standards. 


---------------------------------------------------------- Letter :8.1

We are sending copies of this report to other appropriate
congressional committees; the Director, Office of Management and
Budget; and the Secretaries of Defense and the Army.  We will also
make copies available to others on request. 

Please contact me at (202) 512-4841 if you or your staff have any
questions concerning this report.  Major contributors to this
assignment were Jackie B.  Guin, Paul Latta, and Henry Arzadon. 

Louis J.  Rodrigues
Director, Defense Acquisitions Issues

List of Congressional Committees

Chairman
Ranking Minority Member
Committee on Armed Services
United States Senate

Chairman
Ranking Minority Member
Subcommittee on Defense
Committee on Appropriations
United States Senate

Chairman
Ranking Minority Member
Committee on National Security
House of Representatives

Chairman
Ranking Minority Member
Subcommittee on National Security
Committee on Appropriations
House of Representatives




(See figure in printed edition.)Appendix I
COMMENTS FROM THE DEPARTMENT OF
DEFENSE
============================================================== Letter 



(See figure in printed edition.)



(See figure in printed edition.)



(See figure in printed edition.)


The following are GAO's comments on the Department of Defense's (DOD)
letter dated August 12, 1996. 


   GAO COMMENTS
------------------------------------------------------------ Letter :9

1.  While a set of four Advanced Quickfixes (AQF) for one division
may give the Army flexibility in future tests, we found no evidence
that supports a requirement for this many test platforms.  According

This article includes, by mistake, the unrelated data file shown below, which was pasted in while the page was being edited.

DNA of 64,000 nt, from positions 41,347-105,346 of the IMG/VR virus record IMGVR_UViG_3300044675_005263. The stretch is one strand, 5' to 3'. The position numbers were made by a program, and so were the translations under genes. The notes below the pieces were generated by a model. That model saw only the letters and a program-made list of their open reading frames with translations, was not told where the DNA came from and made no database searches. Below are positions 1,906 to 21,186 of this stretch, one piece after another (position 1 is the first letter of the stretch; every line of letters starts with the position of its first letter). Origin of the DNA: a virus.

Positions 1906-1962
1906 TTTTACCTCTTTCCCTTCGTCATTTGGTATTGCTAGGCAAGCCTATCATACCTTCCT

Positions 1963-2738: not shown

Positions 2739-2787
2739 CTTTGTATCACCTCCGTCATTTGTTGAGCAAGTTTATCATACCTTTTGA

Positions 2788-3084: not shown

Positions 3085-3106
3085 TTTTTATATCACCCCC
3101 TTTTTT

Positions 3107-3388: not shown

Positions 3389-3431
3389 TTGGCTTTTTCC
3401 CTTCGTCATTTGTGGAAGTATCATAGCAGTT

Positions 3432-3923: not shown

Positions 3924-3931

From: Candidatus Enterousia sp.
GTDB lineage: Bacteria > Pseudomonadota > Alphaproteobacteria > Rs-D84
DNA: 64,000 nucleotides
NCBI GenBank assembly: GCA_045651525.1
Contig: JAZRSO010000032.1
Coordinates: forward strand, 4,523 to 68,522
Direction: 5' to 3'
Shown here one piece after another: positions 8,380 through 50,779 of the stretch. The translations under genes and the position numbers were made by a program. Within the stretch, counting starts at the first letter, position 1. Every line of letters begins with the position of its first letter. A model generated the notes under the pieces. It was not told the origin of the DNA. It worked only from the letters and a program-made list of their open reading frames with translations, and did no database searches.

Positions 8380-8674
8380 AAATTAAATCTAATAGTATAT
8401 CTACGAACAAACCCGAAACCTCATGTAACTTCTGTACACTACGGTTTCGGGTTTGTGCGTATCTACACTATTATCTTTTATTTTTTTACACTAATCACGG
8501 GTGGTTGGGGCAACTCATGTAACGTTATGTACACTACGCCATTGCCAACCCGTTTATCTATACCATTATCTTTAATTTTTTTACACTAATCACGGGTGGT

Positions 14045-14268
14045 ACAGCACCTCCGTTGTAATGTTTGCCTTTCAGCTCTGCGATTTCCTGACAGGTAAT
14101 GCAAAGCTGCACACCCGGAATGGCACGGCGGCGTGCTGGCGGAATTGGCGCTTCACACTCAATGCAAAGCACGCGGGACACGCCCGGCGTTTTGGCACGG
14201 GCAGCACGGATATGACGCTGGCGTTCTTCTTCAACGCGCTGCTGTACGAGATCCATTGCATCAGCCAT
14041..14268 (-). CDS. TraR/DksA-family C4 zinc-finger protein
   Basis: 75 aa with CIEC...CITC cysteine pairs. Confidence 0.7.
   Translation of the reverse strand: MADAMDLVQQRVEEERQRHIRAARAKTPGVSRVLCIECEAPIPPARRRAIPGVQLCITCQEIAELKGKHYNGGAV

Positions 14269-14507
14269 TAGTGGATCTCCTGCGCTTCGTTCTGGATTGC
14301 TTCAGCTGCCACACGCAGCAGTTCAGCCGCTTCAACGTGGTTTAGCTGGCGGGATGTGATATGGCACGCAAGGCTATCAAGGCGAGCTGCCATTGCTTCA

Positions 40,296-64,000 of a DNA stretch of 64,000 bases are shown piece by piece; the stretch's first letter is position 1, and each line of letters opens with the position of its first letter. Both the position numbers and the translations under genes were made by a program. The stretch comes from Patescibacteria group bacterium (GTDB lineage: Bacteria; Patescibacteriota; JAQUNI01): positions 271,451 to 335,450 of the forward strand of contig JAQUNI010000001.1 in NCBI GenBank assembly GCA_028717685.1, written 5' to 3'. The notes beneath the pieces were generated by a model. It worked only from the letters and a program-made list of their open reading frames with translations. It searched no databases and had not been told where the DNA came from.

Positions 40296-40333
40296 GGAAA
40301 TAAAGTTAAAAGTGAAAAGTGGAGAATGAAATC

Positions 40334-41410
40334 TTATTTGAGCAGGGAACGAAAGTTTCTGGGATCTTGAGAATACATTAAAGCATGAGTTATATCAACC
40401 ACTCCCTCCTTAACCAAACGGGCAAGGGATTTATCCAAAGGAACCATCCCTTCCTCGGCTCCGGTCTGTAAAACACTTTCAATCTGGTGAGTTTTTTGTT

to the Test and Evaluation Master Plan (TEMP) for the Ground Based
Common Sensor-Light (GBCS-L), only three platforms of each type
(GBCS-L, AQF, and Ground Based Common Sensor-Heavy (GBCS-H)) are
required for operational testing and the Army already has three AQFs
under contract, plus two additional developmental platforms
available.  The TEMP for the AQF does not address the number of test
articles required for testing the AQF and the Army has not prepared a
TEMP for the GBCS-H.  Consequently, we know of no requirement for
four AQFs for testing either now or in the future. 

2.  With regard to DOD's position that the additional procurement of
one AQF in 1997 "permits a more orderly increase in the production
rate," we note that the DOD Comptroller reviewed the Army's request
to produce four AQFs in 1997 and cut the request to a single system. 
Since a reduction in the production rate from three in fiscal year
1996 to one in fiscal year 1997 is not an "orderly increase in the
production rate," DOD may find it to be useful to stretch production
of the three AQFs ordered last year.  In this way, a stable
production line could be established and test results could be
available before the Army commits to additional production. 

3.  As we noted in the body of our report, decisions to enter and
continue production without ensuring that systems meet minimum
performance criteria have historically had adverse consequences. 
Thus, we continue to believe that there should be a requirement that
the established key performance parameters be met prior to the
procurement of additional systems. 

*** End of document. ***